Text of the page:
On top of that, while some institutions ought to be tolerant of a vast range of ideological beliefs, not all should be. Some law reviews are deliberately ideologically focused, and are known to be that, just as some serious magazines are deliberately ideologically focused. It’s hardly disqualifying from a judgeship, I think, for a student to be an editor of such a journal, and to “disadvantage” certain authors’ “work” because of the authors’ “opinions” embodied in that work.
The article likewise faults “law firms [from] discourag[ing] associates, even partners, from taking pro bono cases for dissenting individuals,” and I think that’s often a reasonable criticism, especially if the law firm promotes itself as a big tent. On the other hand, some firms are deliberately highly ideological; I wouldn’t expect an overtly pro-labor-union law firm, for instance, to approve many pro bono cases supporting anti-labor advocates, or vice versa. Yet I don’t think that former managing partners of such law firms, whether on the Left, on the Right, or anywhere else should be disqualified from judgeships.
To be sure, implementing such a categorical rule—if it could indeed be consistently implemented—might help deter some bad behavior (as well as some unobjectionable behavior). But so what? Speeding is bad behavior, but I wouldn’t endorse disqualifying from a judgeship anyone who had ever gotten speeding tickets while in law school, even if I thought that it might add an extra dollop of deterrent.
Now if some Presidents or Senators—or their analogs in various state judicial appointment systems—wanted to consider whether such recent actions by a dean, professor, or lawyer reflect on the person’s judicial temperament, that would be fine. (I wouldn’t consider such actions by a law student, just because those actions were almost certainly at too different a time in the candidate’s professional life.) But those actions should be considered alongside all the other features of the prospective judge’s career, rather than as some sort of categorical litmus tests.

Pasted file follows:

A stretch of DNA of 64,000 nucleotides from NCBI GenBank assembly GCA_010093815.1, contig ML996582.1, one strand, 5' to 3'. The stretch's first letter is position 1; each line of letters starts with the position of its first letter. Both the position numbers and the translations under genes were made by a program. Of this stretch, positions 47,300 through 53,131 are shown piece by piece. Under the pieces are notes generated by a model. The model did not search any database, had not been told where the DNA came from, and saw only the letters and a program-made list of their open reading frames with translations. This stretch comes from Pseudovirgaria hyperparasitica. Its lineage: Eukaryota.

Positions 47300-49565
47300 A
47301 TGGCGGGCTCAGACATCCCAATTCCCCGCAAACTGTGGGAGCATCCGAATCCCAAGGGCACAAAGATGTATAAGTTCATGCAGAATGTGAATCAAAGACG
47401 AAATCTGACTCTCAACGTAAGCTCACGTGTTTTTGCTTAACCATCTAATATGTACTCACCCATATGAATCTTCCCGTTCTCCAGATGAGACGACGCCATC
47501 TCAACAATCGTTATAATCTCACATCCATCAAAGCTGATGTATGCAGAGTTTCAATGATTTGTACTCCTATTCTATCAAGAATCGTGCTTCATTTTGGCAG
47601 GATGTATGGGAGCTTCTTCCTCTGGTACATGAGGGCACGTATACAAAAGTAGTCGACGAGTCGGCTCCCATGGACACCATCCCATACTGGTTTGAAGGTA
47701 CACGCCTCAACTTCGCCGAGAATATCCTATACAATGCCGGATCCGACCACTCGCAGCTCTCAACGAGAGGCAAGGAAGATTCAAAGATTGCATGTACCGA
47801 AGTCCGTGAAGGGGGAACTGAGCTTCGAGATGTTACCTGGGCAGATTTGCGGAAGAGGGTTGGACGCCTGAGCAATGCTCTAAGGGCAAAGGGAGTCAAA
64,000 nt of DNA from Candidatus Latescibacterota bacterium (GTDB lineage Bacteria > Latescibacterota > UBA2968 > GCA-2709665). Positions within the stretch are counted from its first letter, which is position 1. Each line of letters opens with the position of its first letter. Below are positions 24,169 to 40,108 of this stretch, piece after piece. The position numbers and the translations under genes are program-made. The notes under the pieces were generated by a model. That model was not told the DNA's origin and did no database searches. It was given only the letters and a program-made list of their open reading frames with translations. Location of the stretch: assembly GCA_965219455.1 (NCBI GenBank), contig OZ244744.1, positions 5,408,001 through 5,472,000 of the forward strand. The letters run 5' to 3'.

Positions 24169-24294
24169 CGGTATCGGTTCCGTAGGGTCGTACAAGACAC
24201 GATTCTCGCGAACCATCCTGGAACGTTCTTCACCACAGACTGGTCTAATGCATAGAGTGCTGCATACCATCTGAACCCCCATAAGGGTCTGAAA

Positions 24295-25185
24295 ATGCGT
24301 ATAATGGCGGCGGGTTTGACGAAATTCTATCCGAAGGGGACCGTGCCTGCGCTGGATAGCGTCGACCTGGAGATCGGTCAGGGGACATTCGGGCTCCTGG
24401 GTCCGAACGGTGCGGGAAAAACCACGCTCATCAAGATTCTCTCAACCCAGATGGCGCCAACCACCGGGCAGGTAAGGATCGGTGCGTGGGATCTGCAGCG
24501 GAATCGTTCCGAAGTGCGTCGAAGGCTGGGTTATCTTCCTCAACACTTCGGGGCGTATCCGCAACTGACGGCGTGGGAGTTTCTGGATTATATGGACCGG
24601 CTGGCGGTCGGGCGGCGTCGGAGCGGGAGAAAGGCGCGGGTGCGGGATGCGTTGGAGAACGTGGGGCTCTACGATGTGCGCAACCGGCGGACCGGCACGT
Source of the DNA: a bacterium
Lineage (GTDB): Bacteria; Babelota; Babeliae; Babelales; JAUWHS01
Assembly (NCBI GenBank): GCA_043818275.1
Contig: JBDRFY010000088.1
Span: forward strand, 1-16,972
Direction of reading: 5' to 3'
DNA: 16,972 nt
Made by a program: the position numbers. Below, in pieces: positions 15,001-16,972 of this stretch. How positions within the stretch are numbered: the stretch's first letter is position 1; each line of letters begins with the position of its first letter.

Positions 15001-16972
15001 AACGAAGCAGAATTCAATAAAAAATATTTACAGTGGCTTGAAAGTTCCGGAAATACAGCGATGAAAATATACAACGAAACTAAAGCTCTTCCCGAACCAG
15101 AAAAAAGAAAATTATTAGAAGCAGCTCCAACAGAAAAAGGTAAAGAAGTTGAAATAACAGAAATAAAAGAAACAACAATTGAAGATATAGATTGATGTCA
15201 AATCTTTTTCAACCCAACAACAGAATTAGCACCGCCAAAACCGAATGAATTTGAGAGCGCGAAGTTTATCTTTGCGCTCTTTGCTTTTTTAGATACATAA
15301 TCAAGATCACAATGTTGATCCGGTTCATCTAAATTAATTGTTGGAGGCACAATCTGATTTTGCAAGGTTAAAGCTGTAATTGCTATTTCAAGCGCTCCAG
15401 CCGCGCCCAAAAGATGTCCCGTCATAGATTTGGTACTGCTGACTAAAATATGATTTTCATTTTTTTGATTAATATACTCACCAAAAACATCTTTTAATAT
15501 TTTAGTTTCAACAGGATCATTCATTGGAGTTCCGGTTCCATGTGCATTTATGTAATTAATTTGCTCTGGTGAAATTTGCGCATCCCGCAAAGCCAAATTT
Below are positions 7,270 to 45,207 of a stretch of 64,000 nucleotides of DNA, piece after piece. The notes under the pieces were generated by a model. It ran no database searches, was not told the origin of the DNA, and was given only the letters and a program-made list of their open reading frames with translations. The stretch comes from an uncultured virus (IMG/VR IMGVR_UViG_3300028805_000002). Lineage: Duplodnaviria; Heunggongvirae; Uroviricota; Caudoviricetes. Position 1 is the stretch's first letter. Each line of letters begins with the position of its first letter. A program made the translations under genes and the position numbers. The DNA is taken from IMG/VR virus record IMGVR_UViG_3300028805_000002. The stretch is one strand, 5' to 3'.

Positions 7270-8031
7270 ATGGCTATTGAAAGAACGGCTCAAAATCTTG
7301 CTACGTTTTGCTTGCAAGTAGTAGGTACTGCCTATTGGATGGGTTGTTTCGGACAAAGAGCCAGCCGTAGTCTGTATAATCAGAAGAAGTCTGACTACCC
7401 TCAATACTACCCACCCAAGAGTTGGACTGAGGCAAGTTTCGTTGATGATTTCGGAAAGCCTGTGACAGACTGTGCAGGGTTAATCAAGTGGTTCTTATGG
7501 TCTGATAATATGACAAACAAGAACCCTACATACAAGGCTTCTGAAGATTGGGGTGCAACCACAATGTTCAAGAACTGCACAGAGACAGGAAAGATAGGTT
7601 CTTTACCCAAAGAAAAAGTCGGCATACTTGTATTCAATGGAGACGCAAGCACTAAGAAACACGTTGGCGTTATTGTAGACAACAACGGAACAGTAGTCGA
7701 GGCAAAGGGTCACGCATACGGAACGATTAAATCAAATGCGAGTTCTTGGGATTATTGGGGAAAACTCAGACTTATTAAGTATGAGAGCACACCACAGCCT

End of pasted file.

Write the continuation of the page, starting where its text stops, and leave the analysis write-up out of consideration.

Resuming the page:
And we should also recognize that judges are expected to exercise an impartiality of a sort that lawyers and professors generally need not. I take it that it’s OK for a professor to prefer applicants with a higher GPA or who had gone to a more prestigious law school, even though a judge should presumably not consider that in deciding what witness to credit or what sentence to hand down. Likewise, I take it that it’s OK for lawyers to choose their own clients (pro bono or otherwise) based on the clients’ ideology or professional role (e.g., employee, employer, tenant, landlord, etc.), without making it impossible for us to “trust” the lawyers “to do justice impartially” once the lawyers are appointed to the bench.
In any event, it seems to me a mistake to create overbroad, perpetual, and categorical disqualifying rules—for judicial appointments or for most other things—especially when those rules turn on behavior that is generally perfectly lawful even if, in our view, insufficiently tolerant. We need fewer blacklist threats these days, I think, rather than more.
UPDATE: Prof. Hamburger graciously passed along this response, which I’m delighted to post:
My thanks to Eugene for his thoughtful response to my Wall Street Journal piece arguing that intolerance is disqualifying for judicial candidates. As at other times when I disagree with Eugene, I am half persuaded he is right. Certainly, he has a good point that the disgrace of blacklisting should not induce counter blacklisting. But that’s not what I was proposing.